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Using LinkedIn to Land Your Dream Cybersecurity Job

Dark purple background with LinkedIn logo in bubble in front of laptop computer screen


Hiring managers and recruiters love job applicants. However, sometimes, there’s too much noise, and it can be cumbersome to sort out qualified candidates. Recruiter searches on LinkedIn can help capture passive candidates and considerably expand the qualified candidate pool for each role.

Recruiters can search for nearly anything on LinkedIn using Boolean search strings, but there are a few search factors that are more likely to be used. Creating a LinkedIn profile that speaks to these search factors will help your profile show up more prominently. Once you show up in the search, we have a few tweaks that will help you build a profile that recruiters want to click on and message.

How to Hack Hiring on LinkedIn – Recruiter Spotlights!

First things first, “hack the system” and show up in the most used LinkedIn Recruiter filters or spotlights, by putting the following elements in place:

LinkedIn recruiter spotlights
FIGURE 1- LinkedIn recruiter spotlights
  • Open to work. Add the green banner to your profile picture or keep your search more private – and go without it. Whatever you choose, turning on this feature will take you to the top of LinkedIn Recruiter search. If you’re currently employed and passively searching, LinkedIn promises that your current employer won’t be able to see if you utilize this feature.
LinkedIn open to work profile banner
FIGURE 2- Open to work profile banner
  • Are more likely to respond. LinkedIn gives preference to users who are actively engaged with the platform. If you don’t want to go all out on LinkedIn (and sometimes security professionals don’t), it still helps to respond to messages and connection requests, even if it’s just to use the auto-populated “accept” or “decline” features.
  • Have company connections and engaged with talent brand. If you want to be a pen tester, you should do some research and follow companies that regularly hire pen testers, like Bishop Fox (wink wink). Interact with their posts and add company connections in ways that are organic, like sending connection requests to recruiting team members or employees who you have seen at events or presentations.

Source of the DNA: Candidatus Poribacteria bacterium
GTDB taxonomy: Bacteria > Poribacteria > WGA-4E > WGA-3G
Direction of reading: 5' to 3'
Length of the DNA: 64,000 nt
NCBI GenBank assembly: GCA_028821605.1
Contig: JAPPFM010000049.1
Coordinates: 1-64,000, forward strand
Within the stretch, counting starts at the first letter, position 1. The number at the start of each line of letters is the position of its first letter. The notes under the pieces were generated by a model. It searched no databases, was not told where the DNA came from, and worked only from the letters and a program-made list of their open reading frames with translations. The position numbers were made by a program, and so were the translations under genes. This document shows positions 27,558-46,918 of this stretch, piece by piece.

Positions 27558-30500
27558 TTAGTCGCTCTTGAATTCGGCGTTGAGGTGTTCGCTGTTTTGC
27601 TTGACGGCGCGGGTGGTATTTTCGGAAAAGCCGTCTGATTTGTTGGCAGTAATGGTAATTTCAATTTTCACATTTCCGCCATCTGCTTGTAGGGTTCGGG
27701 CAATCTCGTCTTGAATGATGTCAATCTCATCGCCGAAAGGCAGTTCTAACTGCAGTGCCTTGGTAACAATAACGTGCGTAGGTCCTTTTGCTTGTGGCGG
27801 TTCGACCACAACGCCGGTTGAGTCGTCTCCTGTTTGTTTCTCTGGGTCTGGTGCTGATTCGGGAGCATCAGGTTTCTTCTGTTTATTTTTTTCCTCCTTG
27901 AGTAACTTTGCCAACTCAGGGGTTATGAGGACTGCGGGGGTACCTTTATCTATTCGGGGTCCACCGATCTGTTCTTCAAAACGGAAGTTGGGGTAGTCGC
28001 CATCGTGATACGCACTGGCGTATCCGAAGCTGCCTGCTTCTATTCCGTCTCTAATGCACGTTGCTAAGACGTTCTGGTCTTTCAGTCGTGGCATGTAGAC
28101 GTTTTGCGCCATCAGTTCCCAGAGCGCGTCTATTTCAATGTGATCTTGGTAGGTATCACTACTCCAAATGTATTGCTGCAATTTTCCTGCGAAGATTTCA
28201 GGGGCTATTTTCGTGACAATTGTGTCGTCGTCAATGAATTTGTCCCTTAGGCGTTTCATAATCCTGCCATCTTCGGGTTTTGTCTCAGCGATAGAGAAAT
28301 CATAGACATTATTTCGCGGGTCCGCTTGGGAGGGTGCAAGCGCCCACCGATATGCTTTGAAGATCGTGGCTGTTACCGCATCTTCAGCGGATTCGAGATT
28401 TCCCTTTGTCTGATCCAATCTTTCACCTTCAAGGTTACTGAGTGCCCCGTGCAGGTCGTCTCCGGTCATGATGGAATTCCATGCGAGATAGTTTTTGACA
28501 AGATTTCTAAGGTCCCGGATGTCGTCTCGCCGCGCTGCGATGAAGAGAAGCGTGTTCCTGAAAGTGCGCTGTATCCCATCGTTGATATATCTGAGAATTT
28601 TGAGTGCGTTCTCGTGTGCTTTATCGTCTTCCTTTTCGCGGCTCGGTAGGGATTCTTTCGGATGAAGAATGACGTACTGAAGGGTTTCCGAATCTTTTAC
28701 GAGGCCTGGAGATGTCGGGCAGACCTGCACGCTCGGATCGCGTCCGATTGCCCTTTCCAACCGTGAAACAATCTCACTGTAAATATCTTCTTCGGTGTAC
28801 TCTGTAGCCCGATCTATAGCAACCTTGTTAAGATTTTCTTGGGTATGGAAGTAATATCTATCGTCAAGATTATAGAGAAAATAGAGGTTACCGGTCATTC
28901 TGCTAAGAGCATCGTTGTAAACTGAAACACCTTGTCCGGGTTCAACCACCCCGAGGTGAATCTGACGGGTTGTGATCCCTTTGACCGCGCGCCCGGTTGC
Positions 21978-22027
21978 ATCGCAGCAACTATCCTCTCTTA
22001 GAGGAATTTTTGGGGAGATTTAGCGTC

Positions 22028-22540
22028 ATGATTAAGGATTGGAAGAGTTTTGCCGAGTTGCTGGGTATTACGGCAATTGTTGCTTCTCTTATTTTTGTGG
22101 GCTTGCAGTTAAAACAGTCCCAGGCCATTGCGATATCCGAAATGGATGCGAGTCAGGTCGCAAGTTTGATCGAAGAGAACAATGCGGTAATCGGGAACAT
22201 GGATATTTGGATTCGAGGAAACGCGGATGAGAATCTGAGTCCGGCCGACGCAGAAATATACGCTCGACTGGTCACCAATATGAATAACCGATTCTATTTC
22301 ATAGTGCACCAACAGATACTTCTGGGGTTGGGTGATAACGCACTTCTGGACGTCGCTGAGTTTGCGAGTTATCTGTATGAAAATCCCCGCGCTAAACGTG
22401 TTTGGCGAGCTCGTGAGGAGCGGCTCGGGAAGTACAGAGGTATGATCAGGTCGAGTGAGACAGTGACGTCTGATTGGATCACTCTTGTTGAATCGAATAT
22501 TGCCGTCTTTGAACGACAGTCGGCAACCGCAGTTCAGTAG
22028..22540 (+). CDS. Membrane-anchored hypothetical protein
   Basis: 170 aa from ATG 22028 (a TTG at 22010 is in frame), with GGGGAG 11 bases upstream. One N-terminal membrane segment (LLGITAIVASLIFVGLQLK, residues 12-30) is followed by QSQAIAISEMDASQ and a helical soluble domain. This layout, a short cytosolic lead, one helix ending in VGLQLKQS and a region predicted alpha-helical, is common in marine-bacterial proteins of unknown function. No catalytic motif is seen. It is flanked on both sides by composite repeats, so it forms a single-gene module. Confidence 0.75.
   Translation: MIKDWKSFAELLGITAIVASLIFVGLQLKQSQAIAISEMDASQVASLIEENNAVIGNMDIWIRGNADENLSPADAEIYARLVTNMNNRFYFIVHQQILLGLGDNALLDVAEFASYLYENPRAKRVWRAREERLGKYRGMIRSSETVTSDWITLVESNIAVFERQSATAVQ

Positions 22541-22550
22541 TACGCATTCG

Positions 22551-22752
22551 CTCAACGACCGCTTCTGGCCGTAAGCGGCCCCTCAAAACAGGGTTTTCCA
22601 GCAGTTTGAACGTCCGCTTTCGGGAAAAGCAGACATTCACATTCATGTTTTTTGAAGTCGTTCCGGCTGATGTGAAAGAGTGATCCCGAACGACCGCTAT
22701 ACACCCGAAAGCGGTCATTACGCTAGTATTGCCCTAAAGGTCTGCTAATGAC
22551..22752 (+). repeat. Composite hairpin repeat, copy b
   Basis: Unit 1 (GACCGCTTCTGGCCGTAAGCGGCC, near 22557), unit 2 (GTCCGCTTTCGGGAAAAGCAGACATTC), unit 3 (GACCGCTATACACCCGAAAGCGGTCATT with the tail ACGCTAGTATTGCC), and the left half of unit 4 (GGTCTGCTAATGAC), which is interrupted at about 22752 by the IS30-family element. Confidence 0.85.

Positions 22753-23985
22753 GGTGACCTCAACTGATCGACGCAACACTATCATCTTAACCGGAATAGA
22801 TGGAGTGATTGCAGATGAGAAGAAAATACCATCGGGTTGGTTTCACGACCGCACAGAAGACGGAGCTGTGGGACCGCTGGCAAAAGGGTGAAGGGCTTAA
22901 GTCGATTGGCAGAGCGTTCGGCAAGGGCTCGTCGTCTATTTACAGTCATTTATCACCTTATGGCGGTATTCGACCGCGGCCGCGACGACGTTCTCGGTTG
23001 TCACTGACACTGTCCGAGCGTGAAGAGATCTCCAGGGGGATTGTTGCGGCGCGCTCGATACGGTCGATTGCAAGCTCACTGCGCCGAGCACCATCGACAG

How to Hack Hiring on LinkedIn – and Get Noticed!

  • Keywords. There are auto-populated searches on LinkedIn Recruiter, but many recruiters choose to create their own boolean strings using keywords that are relevant to the job post. To show up in these searches, examine your LinkedIn profile and compare the keywords you use in your about, experience, and skills sections with the keywords utilized in job postings for which you’re applying. Here’s a boolean string for a pen tester:
  • (burp OR burpsuite OR kali linux OR metasploit OR nmap) AND security OR “OSCP” OR ("penetration testing" OR "ethical hacking" OR "reverse engineer*" OR hacking OR penetration OR vulnerability)

While we love keywords, avoid “keyword stuffing,” or jamming keywords into sections without context.

  • Education and certifications. Always list your degree program, even if it doesn’t seem relevant. Certifications can be even more helpful than degrees when it comes to recruiter searches, but only list the certifications that you have already obtained, not those in progress. Some of the most searched certifications are those delivered by Offensive Security (think OSCP, OSCE, etc.) eLearn (eNDP is mentioned by blue teamers again and again), Zero-Point Security (Certified Red Team Operator has really been gaining in popularity), and SANS (GWAPT and GXPEN are favorites for pen testing).
  • Skills. If you don’t have the education or certs, don’t despair. One of the best things about working in security is that there is usually a greater emphasis on skills over formal education. LinkedIn lets you add 50 skills and organize them whatever way you want, so keep those relevant skills at the top! Some of the most searched skills for pen testers are cybersecurity, penetration testing, vulnerability assessment, Burp Suite, Metasploit, Nmap, ethical hacking, Kali Linux, web application security, information security, cybersecurity, network security, and OSCP.
  • Organizations and Volunteering. Some prominent security organizations and LinkedIn groups that are regularly searched include Blacks in Cyber, Women in Security and Privacy, and Offensive Security Certified Professionals. There are so many great security conferences out there, and recruiters in the know will search for them too, so use the organizations and volunteering sections to drop keywords like Wild West Hackin’ Fest, CactusCon, Women in Cybersecurity, The Diana Initiative, and DEF CON, to name a few of many.
  • TLDR; get to the point. Given the length of this blog post this may be one of those do as I say, not as I do things, but the average recruiter spends just 7.8 seconds looking at a resume. It’s safe to say that they’re not spending much more time on their first pass of a LinkedIn profile. Long sentences and big blocks of text look and feel cluttered, so keep your about section to the point and use concise and relevant bullets in your experience section. Consider adding a brief description to call attention to what you do, or your skill sets to quickly catch a recruiter’s attention. Transcend words and keep your profile picture and cover image professional, welcoming, and up to date.

Additional Resources

LinkedIn has all sorts of job search functionality, and it can’t all be covered in this post. If you want to learn more about how you can stand out, keywords for offensive security jobs, as well as tools to help you get started on a pen testing journey, be sure to download our helpful resources:

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